Recently, many studies have been conducted to evaluate the current status of ELR in universities and identify the factors that affect it [27][28]. These studies often use surveys and questionnaires to collect data from students, faculty, and staff and employ various analytical techniques, such as statistical analysis and machine learning, to identify the key factors that impact ELR. For instance, in [29], Laksitowening et al. present a methodology for measuring ELR at Telkom University in Indonesia using a multidimensional model. The assessment results were used to identify priority factors and areas for improvement. The evaluation was performed using surveys and data analysis, and the employed tool consists of a series of indicators for assessing the readiness for e-learning in five domains and thirteen factors. According to the evaluation outcomes, Telkom University has areas that require enhancement in terms of e-learning implementation. The top three priority factors are hardware, learning methods, and learning content. In [30], the aim was to assess the readiness for e-learning in two technological universities located in Yangon and Mandalay, Myanmar. This was achieved by investigating various characteristics, facilities, environments, and management practices pertaining to the universities and the students. To this end, the study surveyed 1024 students and found that while the universities were ready in characteristics and environmental dimensions, they were not ready in their facilities and management. The study suggested possible solutions for the universities to improve their readiness in these areas, such as having enough computers and a fast internet connection, better IT infrastructure, sufficient budgets and IT technicians, training, and tutorials, and preparatory knowledge sharing with national/international e-learning experts. In [31], Saekow et al. conducted a comparative analysis of higher-education ELR between Thailand and the USA. By assessing success factors across five dimensions, they concluded that institutional support from high-level administrators is a critical aspect of implementing successful online programs. Their findings also emphasized the significance of providing adequate resources for online programs, establishing clear project plans, launching initial program offerings, and conducting teacher training sessions. In [32], Irene et al. assessed ELR among educators and learners in selected Gauteng, South Africa schools. Utilizing a 29-item questionnaire, the study found that the expectations for ELR of educators and learners in the designated schools were met, but some areas required improvements, such as technology, content, and personnel. The STOPE (Strategy, Technology, Organization, People, and Environment) model was utilized to evaluate the level of readiness. The results showed a rating of 3.86 on the Likert scale, indicating that while the institution is generally considered “ready”, some improvements are still necessary.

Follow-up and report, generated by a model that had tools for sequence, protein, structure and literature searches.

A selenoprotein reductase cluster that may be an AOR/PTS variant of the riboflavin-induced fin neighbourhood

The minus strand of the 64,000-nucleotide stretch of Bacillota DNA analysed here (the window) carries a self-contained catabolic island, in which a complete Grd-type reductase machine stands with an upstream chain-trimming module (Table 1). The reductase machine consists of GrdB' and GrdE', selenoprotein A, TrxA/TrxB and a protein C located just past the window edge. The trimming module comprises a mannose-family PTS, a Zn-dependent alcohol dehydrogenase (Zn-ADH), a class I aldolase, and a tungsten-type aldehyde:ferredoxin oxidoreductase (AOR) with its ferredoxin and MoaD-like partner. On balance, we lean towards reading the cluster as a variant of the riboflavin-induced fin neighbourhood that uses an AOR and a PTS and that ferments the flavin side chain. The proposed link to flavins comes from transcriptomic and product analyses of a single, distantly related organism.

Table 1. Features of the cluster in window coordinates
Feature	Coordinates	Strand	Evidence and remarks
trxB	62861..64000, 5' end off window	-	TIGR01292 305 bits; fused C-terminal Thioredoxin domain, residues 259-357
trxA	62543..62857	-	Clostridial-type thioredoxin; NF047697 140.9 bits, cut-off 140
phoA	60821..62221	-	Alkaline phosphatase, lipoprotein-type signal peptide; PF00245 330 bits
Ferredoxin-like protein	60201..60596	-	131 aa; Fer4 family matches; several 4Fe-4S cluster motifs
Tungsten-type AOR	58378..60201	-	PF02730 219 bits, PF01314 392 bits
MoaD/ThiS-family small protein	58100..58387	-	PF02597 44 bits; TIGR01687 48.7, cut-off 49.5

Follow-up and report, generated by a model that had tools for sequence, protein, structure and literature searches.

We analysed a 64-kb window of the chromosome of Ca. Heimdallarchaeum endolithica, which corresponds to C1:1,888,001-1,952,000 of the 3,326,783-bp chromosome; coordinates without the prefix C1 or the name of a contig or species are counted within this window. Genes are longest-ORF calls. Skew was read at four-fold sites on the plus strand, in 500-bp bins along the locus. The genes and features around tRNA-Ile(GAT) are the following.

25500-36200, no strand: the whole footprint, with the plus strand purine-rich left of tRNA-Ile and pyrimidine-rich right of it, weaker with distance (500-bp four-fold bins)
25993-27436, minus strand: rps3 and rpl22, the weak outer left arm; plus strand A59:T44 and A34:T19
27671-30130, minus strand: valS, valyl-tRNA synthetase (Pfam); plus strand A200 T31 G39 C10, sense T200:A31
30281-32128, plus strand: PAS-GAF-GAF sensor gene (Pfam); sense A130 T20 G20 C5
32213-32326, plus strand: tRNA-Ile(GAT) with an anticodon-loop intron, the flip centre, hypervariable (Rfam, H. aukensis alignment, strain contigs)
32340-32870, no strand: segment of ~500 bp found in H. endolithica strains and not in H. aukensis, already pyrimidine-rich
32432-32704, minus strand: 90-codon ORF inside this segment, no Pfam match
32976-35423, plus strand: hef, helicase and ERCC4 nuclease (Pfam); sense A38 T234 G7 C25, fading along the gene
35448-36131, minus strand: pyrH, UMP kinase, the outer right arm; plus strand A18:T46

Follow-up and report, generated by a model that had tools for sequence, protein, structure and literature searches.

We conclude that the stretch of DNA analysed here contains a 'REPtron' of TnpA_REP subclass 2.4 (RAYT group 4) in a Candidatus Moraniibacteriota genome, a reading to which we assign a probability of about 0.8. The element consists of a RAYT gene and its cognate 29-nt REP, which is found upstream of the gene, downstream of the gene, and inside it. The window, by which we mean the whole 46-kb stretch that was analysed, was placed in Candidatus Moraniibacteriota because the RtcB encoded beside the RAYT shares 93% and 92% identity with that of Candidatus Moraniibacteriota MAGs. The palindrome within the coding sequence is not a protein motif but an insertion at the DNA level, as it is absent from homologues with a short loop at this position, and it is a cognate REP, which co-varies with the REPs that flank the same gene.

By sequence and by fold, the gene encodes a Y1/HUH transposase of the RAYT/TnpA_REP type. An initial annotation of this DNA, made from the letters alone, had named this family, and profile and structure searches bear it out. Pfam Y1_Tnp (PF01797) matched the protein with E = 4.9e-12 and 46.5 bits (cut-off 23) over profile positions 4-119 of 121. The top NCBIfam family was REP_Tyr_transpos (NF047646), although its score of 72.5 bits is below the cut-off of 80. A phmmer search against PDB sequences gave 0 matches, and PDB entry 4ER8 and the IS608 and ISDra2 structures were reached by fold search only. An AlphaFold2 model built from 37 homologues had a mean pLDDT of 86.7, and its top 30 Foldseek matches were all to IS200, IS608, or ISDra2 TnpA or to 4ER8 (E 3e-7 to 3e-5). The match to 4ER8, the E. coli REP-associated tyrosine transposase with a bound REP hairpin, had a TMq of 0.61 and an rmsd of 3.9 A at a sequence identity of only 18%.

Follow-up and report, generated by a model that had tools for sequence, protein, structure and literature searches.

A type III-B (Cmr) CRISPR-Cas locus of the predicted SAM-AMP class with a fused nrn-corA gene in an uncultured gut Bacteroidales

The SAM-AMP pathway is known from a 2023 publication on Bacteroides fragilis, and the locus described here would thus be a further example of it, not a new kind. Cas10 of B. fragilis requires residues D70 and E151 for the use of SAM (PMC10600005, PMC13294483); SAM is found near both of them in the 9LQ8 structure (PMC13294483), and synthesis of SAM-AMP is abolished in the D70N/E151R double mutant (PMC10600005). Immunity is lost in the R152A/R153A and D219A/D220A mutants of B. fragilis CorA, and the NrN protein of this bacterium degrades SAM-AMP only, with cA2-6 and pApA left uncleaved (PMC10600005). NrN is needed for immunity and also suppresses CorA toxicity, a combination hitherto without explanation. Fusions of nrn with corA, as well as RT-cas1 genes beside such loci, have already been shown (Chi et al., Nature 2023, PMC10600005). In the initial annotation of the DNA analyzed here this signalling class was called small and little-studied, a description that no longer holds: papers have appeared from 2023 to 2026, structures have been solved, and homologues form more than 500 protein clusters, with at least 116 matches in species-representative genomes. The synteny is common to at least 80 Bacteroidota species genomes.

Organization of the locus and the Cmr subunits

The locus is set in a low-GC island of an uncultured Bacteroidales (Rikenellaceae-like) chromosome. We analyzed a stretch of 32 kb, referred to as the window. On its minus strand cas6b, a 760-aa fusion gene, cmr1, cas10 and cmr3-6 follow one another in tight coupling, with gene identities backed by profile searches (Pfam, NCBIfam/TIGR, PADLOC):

Another study in [33] investigated critical factors that influence students’ preparedness to use e-learning systems in higher education, focusing on Wayamba University in Sri Lanka. The study results indicated that learners’ willingness to participate in e-learning activities significantly affects their readiness to use the system. Interestingly, the study revealed that the most crucial factors for adopting e-learning systems were e-learning confidence and training, rather than ELR. The study in [34] aimed to evaluate the ELR perspectives of medical students at the University of Fallujah in Iraq. A semi-structured self-administered questionnaire was utilized to collect data. The findings revealed that most medical students in the university were not adequately prepared for e-learning and lacked sufficient experience with ICT. Importantly, this study suggests that the university must invest in technology and provide formal training to students to facilitate e-learning as a viable learning approach. In [35], Samaneh et al. conducted a study to evaluate the level of ELR among Iranian students learning English as a foreign language and examine its correlation with their English language proficiency. The research involved 217 EFL students from Shiraz Azad University, who completed a self-assessment questionnaire on their ELR and the Test of English as a Foreign Language (TOEFL). The findings showed that the students exhibited a high level of preparedness for e-learning and demonstrated a positive relationship between their English language proficiency and readiness for e-learning. Ref. [36] considered the analysis of students’ readiness and facilitators’ perception toward e-learning in India based on machine learning algorithms. The survey results show that students have low satisfaction levels with e-learning systems and face data security and plagiarism issues. Teachers also had low satisfaction levels with e-learning and felt there was a lack of e-learning training and pedagogical models. In [37], Alotaibi et al. conducted a study to evaluate the readiness level among students at Shaqra University in Saudi Arabia to utilize an e-learning platform. The study utilized a questionnaire to measure five factors: study skills, technology skills, technology access, time management skills, and motivation. The findings revealed that the students enrolled at Shaqra University demonstrated an acceptable level of readiness for using the e-learning platform and possessed specific competencies that would aid in efficiently utilizing the platform. Furthermore, the study did not find any significant difference in readiness between male and female students, although female students exhibited higher levels of readiness in terms of technology and time management skills. In [38], Hung et al. construct and validate a multidimensional tool named the Online Learning Readiness Scale (OLRS) to assess college students’ readiness for online learning through confirmatory factor analysis. The OLRS encompasses five dimensions: learner-controlled and directed learning, computer/internet self-efficacy, online communication self-efficacy, motivation to learn, and online learning anxiety. In the study, data were gathered from 1051 undergraduate students in Taiwan. The findings showed that students had high readiness levels in computer/internet self-efficacy, motivation to learn, and online communication self-efficacy but low readiness levels in learner-controlled and directed learning. Furthermore, the study revealed that gender did not significantly influence the OLRS dimensions, while upper-grade students exhibited higher levels of readiness.